(Saturday, January 21)
“Chorrord Inknishkhanutyun” says the Armenian opposition rightly claims that the state budget can be doubled if the authorities shrink the informal sector of the economy and collect more taxes from the mining industry. “The current authorities won’t do that not because they don’t understand but because they pocket that money … It is this money that eminent government figures are fighting for,” claims the opposition daily.
“Yerkir” continues to argue for the abolition of parliamentary elections held in single-mandate electoral districts. The paper says that pro-government candidates running for parliament in those districts always get the official green light to steal or buy votes so long as they also contribute to the victory of the ruling party in parallel polls held under the system of proportional representation. “As a result, in the country’s 2,000 or so precincts between 200,000 and 400,000 ballots are cast on behalf of dead persons, people who are absent from Armenia or do not take part in elections,” it says. “As a result, the ruling political forces gets not only ‘the overwhelming majority’ of votes but also 41 rubber-stamping ‘loyalists’ who owe their parliament mandates to the ‘boss’ and are dependent on him.”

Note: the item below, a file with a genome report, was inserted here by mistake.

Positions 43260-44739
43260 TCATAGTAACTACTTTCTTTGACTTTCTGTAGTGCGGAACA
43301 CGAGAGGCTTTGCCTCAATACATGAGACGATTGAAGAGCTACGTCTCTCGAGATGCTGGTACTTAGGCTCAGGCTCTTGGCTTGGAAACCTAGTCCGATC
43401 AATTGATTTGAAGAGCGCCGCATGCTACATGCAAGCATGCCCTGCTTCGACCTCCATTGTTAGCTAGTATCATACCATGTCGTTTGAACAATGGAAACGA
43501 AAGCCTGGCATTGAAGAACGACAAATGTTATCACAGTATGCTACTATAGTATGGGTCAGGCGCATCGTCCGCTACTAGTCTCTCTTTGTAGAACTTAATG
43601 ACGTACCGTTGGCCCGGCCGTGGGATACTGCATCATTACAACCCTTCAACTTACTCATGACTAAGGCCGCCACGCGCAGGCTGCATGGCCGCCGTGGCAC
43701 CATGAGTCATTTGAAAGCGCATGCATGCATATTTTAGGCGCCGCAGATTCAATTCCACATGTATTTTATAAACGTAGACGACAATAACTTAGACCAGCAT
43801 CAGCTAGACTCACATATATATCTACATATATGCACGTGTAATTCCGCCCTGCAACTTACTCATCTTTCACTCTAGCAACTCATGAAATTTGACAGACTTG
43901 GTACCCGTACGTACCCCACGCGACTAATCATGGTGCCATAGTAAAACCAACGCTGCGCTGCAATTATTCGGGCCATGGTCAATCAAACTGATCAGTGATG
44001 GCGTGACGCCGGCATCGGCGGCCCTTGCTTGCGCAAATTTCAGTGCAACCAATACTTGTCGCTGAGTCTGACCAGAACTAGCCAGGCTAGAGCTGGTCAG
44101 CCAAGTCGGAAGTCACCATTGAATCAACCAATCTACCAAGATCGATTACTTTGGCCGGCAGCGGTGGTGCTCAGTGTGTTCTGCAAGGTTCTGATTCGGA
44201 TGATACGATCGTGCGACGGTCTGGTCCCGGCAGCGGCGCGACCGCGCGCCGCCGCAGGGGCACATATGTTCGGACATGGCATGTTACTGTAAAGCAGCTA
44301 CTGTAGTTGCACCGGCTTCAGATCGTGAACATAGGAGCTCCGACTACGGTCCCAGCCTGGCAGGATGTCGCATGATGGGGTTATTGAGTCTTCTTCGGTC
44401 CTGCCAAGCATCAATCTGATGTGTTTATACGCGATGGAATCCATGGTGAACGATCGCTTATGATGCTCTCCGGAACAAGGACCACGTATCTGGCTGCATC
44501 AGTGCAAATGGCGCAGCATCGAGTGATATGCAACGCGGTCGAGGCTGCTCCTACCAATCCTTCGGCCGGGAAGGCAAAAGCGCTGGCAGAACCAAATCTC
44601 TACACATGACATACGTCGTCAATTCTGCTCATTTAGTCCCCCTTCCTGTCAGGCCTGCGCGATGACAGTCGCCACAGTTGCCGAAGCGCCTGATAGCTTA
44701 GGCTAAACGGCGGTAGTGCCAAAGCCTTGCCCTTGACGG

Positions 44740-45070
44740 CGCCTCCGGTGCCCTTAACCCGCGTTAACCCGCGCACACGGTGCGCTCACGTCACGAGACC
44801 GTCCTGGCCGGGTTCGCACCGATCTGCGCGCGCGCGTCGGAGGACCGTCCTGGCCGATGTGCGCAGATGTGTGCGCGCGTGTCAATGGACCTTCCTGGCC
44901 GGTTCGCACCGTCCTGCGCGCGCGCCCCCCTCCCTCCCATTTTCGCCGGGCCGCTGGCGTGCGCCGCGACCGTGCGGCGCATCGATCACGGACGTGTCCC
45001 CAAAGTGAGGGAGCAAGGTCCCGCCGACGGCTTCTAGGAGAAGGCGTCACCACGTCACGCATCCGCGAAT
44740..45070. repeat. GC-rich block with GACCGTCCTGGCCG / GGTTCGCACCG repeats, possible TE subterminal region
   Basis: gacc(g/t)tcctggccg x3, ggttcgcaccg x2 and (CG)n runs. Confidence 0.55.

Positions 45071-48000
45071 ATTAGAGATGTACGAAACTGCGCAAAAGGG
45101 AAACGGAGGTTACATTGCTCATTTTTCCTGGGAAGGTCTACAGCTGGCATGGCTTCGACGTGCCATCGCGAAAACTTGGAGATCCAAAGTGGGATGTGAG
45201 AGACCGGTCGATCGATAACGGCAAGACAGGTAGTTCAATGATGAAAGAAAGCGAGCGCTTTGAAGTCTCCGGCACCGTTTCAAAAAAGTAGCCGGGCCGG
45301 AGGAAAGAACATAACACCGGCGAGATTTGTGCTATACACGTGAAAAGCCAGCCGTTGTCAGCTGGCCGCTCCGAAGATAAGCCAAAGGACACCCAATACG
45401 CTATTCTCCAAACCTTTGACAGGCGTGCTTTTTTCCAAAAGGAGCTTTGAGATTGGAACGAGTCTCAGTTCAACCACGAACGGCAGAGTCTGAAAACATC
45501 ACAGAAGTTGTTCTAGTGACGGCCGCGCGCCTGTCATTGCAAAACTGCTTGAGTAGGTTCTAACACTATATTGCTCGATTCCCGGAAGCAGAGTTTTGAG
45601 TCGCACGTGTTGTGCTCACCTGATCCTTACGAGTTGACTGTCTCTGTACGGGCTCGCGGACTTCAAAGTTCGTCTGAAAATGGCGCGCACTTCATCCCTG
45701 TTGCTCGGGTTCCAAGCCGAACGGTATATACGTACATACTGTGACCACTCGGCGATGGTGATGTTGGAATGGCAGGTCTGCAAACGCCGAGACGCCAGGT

“In essence, [Armenian] elections do not reflect voting itself,” Ashot Zakarian, head of the Gyumri branch of the opposition Armenian National Congress (HAK), tells “Haykakan Zhamanak.” “I am far from thinking that something can be changed in Armenia by means of elections.” He says he therefore thinks that the HAK should only use elections for carrying out a revolution in Armenia. “In that regard, the Congress has not yet formulated an official position. It has only stated that we will contest the elections and do everything to get the maximum result,” adds Zakarian.
In an interview with “Hayots Ashkhar,” Artak Davtian, a parliament deputy from the ruling Republican Party of Armenia (HHK), speaks of “serious losses” which he says have been suffered by the HAK of late. “A number of well-known public figures, disagreeing with the HAK’s policy and work style, have chosen to act on their own, and [the HAK] has lost the trust of a considerable part of its supporters,” says Davtian. He claims that HAK leaders are already trying to rationalize their “modest performance” in the upcoming parliamentary elections. “They will try to escalate the situation, split the society and make a fuss after the elections,” he says.